Mass unemployment in the Balkans – a need to act
Leskovac, once known as the Serbian Manchester, is home to a textile industry that began in the 19th century, flourished under Communism, and has survived - albeit barely - until today. The town, which lies in the south of Serbia, boasts a textile school (set up in 1947), an association of textile engineers and its very own textile magazine.
The boom years are a distant memory, however.
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Leskovac's Socialist-era companies are bankrupt, their production halls empty and their machines have been dismantled and sold as scrap. At the heart of the town's plight, and that of so many other regions in the Western Balkans, is the impact of dramatic de-industrialisation.
Contemporary Serbia is a society whose population is both aging (with an average age of 41, it is one of the oldest in the world) and shrinking. So is its industry. After stagnating during the economic recovery of the 2000s, the employment rate (the percentage of people of working age actually working) has sharply fallen since 2008. Today it is about 45 per cent, more than 20 percent worse than the EU average.
In the textile and clothing sector, the number of workers has collapsed from 160,000 in 1990 to around 40,000 in 2010. In all of this, it is the nation's youth - its most vibrant asset - that has taken the brunt of the pain, as half of young people are unemployed.
Serbia's textile industry is representative of much of its industry, and Serbia's labour market trends are representative of those in all of the post-Yugoslav states.
It is true that Europe's textile industry has been put on the defensive by the emerging Far East. However, the Serbian textile industry's decline was not inevitable.
In recent decades, the sector - one of the most globalised in the world - has seen employment shift from Germany to Poland, from Hong Kong to China, from Italy to Hungary and Turkey, and then to Bulgaria and Romania. In many peripheral regions in southeast Europe, textiles have become a locomotive of growth and exports, creating hundreds of thousands of low-skilled jobs.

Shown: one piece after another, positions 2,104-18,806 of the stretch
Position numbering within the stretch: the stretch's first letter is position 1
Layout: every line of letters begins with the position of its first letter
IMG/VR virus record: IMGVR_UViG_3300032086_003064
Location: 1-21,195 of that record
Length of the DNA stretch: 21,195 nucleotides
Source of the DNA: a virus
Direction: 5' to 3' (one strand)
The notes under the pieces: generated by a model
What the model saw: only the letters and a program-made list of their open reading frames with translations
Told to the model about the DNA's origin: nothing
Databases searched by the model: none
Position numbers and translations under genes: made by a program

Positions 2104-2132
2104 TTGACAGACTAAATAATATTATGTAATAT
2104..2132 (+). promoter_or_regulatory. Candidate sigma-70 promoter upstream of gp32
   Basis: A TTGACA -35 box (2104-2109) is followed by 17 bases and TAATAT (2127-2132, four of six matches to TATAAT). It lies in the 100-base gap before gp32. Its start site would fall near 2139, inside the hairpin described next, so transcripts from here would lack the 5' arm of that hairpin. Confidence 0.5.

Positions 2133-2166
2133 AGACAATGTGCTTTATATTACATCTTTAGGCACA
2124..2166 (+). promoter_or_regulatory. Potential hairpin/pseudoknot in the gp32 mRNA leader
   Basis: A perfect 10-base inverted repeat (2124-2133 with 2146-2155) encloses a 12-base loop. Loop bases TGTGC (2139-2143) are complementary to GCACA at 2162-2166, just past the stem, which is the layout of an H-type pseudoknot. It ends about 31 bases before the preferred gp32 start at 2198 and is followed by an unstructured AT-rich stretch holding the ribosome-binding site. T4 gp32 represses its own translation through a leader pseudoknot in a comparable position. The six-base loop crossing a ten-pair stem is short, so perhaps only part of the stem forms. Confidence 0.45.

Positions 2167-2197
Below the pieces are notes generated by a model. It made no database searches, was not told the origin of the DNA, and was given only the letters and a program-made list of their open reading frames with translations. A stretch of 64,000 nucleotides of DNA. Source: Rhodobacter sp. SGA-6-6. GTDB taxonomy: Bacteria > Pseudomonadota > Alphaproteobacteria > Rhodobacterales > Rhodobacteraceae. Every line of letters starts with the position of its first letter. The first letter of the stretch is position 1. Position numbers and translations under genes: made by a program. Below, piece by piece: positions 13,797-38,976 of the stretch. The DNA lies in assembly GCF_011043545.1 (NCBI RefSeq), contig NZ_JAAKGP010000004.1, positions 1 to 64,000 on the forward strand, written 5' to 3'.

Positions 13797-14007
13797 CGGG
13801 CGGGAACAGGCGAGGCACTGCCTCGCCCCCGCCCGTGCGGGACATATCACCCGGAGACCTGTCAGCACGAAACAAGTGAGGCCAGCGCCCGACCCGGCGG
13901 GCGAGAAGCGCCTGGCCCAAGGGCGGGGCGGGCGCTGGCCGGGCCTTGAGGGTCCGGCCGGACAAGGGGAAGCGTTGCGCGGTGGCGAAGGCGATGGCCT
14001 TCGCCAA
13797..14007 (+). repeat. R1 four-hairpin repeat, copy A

Bulgaria was able to increase its exports in the sector from $280 million to more than $2 billion between 1990 and 2010, contributing more than 100,000 industrial jobs to the Bulgarian economy. Why has not this been possible in Serbia, Bosnia or Albania?
The same questions can be asked about other industries in the Balkans.
Why are there more than 10,000 jobs in the furniture industry in the central Turkish city of Kayseri, far from any forests, but not in Bosnia? Why are household appliance producers doing well in Slovenia, Romania and Turkey, but not in the Western Balkans? And why is there so little agro-processing for the EU market?
One answer is that the growth model adopted in the Western Balkans over the last decade has discouraged governments from even asking such questions.
Driven by a distrust of Socialist planning and a fear of corruption, the economic policies prescribed have had a laissez-faire flavour and focused not on specific sectors of the economy but on the general business environment.
Policymakers have been praised for avoiding the temptation to shield declining areas of the economy from the discipline of the markets. At the same time these policymakers have found it hard to acknowledge when former Socialist businesses were past the point of possible recovery, overburdened by debts and in urgent need of liquidation.
The key ingredients of the standard recipes for economic development remain valid. A stable macroeconomic environment and a good business climate are necessary conditions for sustained recovery. But they are not sufficient.
In a region ravaged by conflict and economic decline, a policy mix based on "hands-off" privatisation and deregulation cannot be sufficient to launch a sustained economic recovery. Even during periods of relative economic growth and high inflows of foreign investment (FDI), the employment generated by the new entrepreneurial private sector was not sufficient to offset the number of jobs lost in the restructuring and privatisation process.
Then came the financial crisis of 2008, which has wiped out more jobs than were generated during the entire recovery period.
While the recovery lasted, there was hope that FDI would accelerate by itself and begin to generate more employment. Now it is clear that this is unlikely to happen. Facing increasing pressure to generate jobs and dwindling options on how to do so, regional policymakers have begun taking desperate measures, such as dolling out large, blanket subsidies to foreign investors - the kind of step that has so often given industrial policy a bad name.